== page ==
by Lynn on October 28, 2022

in The Passionate Playgoer

Live and in person at the CAA Theatre, until November 5 David Mirvish presents a studio 180 production.

Written by Paula Vogel

Directed by Joel Greenberg

Set by Ken Mackenzie

Costumes by Michelle Tracey

Lighting by Kimberly Purtell

Sound by Thomas Ryder Payne

Projections by Cameron Davis

Musical director, Emilyn Stam

Score and original music by Lisa Gutkin and Aaron Halva

Cast: Matt Baram

Jonathan Gould

Jessica Greenberg

Tracy Michailidis

Dov Mickelson

Sarah Orenstein

Nicholas Rice

Musicians: Laetitia Francoz-Lévesque

Emilyn Stam

John David Williams

An exquisite production of a bracing play about art, resilience and love that never holds back.

The Story.  Indecent by Paula Vogel was first produced in 2015, opened Off-Broadway in 2016 followed by a Broadway run in 2017. It’s a play within a play.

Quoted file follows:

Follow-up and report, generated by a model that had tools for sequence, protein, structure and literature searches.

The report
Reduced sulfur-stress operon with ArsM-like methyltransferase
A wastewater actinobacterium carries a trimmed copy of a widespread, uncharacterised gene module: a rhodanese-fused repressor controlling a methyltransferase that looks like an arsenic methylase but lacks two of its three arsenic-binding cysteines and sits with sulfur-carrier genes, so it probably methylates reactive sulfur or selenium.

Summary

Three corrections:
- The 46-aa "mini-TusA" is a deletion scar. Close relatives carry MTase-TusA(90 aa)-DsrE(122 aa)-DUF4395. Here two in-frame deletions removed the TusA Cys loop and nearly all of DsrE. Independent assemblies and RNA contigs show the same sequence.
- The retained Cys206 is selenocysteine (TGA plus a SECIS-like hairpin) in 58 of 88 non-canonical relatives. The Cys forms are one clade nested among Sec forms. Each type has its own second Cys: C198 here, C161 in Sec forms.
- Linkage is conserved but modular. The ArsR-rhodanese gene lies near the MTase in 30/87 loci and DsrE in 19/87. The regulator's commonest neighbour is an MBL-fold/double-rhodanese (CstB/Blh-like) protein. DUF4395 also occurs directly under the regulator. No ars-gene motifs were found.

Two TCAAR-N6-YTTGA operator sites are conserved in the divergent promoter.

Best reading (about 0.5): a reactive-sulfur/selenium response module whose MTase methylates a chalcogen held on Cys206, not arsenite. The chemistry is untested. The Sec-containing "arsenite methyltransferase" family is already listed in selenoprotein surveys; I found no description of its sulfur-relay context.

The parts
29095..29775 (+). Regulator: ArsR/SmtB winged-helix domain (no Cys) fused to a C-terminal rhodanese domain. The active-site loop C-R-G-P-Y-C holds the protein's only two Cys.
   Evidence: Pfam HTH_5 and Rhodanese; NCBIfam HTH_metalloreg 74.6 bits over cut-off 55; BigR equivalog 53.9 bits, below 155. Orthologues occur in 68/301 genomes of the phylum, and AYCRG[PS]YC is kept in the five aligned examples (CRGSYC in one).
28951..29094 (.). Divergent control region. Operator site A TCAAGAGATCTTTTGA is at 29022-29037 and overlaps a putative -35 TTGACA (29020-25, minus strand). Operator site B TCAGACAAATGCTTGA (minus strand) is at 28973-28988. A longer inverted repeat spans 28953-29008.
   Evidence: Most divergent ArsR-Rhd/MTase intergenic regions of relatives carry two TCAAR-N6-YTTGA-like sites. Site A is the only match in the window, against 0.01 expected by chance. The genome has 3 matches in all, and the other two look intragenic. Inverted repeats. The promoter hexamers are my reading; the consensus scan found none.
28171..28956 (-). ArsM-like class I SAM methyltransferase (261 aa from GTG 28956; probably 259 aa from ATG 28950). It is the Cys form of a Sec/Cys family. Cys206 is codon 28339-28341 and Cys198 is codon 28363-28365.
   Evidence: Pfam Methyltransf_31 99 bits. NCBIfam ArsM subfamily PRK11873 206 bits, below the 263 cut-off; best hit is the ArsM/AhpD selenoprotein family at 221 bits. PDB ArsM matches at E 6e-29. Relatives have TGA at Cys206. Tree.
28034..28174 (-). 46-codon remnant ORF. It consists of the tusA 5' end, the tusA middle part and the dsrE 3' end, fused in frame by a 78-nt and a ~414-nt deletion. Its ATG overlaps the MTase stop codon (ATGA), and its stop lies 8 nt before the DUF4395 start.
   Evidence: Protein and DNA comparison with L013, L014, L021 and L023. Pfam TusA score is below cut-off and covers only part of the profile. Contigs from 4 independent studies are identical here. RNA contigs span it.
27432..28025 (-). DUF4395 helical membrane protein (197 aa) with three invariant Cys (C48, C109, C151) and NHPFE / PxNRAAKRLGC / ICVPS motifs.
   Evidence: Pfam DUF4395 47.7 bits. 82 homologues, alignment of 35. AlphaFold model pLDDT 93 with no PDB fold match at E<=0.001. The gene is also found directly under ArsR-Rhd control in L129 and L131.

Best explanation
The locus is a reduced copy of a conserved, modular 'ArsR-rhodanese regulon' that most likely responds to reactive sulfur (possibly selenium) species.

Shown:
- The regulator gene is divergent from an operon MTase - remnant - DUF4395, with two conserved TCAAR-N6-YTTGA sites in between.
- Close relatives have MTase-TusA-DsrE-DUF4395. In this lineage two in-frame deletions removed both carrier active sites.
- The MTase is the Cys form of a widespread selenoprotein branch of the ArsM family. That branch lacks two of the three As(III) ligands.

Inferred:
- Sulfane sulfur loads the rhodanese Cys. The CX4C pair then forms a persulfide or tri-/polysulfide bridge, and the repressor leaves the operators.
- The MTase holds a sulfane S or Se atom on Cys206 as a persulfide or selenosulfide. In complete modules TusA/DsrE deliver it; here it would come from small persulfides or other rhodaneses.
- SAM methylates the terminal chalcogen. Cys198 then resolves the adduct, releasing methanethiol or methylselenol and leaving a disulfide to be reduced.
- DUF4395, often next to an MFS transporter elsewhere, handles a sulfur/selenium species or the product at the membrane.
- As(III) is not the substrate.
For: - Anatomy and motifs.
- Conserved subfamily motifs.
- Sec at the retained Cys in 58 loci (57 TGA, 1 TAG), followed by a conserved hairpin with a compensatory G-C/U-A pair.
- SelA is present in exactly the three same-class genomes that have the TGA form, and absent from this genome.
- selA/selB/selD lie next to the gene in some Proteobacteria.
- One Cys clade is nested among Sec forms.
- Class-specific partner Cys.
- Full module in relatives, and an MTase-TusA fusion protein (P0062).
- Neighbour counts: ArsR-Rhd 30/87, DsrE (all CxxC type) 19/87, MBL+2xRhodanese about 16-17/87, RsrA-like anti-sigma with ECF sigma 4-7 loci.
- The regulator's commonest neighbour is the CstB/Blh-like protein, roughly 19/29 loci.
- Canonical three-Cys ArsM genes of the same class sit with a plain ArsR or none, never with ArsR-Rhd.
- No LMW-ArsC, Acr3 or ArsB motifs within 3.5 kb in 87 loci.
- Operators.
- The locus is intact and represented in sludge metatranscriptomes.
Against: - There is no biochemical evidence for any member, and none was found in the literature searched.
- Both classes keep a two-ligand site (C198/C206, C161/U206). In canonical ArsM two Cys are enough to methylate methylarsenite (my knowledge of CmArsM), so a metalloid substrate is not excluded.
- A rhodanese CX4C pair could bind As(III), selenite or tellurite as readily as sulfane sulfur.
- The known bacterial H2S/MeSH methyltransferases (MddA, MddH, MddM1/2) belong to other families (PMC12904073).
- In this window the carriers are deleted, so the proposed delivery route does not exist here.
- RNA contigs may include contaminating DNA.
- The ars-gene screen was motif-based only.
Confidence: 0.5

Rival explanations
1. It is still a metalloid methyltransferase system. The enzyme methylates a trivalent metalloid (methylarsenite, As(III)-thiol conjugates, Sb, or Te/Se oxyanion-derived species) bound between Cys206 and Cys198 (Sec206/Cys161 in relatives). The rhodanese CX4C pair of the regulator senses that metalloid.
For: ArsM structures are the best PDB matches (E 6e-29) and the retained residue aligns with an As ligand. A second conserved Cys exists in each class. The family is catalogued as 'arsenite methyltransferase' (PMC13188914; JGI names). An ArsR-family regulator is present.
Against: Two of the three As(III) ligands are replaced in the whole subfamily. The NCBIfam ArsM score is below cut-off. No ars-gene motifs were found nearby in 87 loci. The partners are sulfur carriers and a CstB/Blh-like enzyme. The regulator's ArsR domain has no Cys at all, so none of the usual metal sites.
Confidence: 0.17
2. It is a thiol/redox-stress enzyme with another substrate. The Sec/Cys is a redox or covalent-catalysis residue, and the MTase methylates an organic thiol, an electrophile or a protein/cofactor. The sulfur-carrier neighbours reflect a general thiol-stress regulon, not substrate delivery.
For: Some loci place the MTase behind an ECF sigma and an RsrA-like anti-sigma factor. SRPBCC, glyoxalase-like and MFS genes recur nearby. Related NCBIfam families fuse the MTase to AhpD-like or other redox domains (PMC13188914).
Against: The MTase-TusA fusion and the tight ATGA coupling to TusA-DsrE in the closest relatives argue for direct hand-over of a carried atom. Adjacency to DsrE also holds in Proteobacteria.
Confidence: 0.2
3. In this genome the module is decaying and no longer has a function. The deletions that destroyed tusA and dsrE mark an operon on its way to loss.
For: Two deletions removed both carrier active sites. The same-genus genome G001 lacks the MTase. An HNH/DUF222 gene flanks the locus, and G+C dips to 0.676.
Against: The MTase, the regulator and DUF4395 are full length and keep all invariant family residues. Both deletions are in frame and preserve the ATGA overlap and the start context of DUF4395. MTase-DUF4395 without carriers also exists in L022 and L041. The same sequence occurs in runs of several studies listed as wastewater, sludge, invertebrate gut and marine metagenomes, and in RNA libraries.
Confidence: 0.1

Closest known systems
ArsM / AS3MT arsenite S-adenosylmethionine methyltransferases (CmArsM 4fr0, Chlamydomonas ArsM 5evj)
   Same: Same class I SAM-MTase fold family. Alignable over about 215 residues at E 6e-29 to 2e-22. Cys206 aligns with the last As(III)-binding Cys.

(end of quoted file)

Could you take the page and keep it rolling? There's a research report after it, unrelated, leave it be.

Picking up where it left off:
Indecent is about Polish-Jewish writer, Sholem Asch’s 1906 play, God of Vengeance which he wrote in Yiddish when he was 21. Paula Vogel focuses on the trials and tribulations God of Vengeance had from its first reading to productions in Europe, finally a production in New York, first Off-Broadway and then on Broadway, and the scandal from a charge of obscenity brought against the cast and the producer.

Asch wanted to write a play about Jews that did not put them on a pedestal or make them all seem like heroes. He wanted to depict them as flawed but also human. God of Vengeance charts that journey.  So we have a pious Jewish man who lives with his wife and daughter. But he runs a brothel in the basement. He forbids his daughter Rivkele from having anything to do with the brothel or the women who work there. But Rivkele is fascinated with what goes on there and in particular a prostitute named Manke. Over time Rivkele and Manke fall in love and have a passionate loving relationship.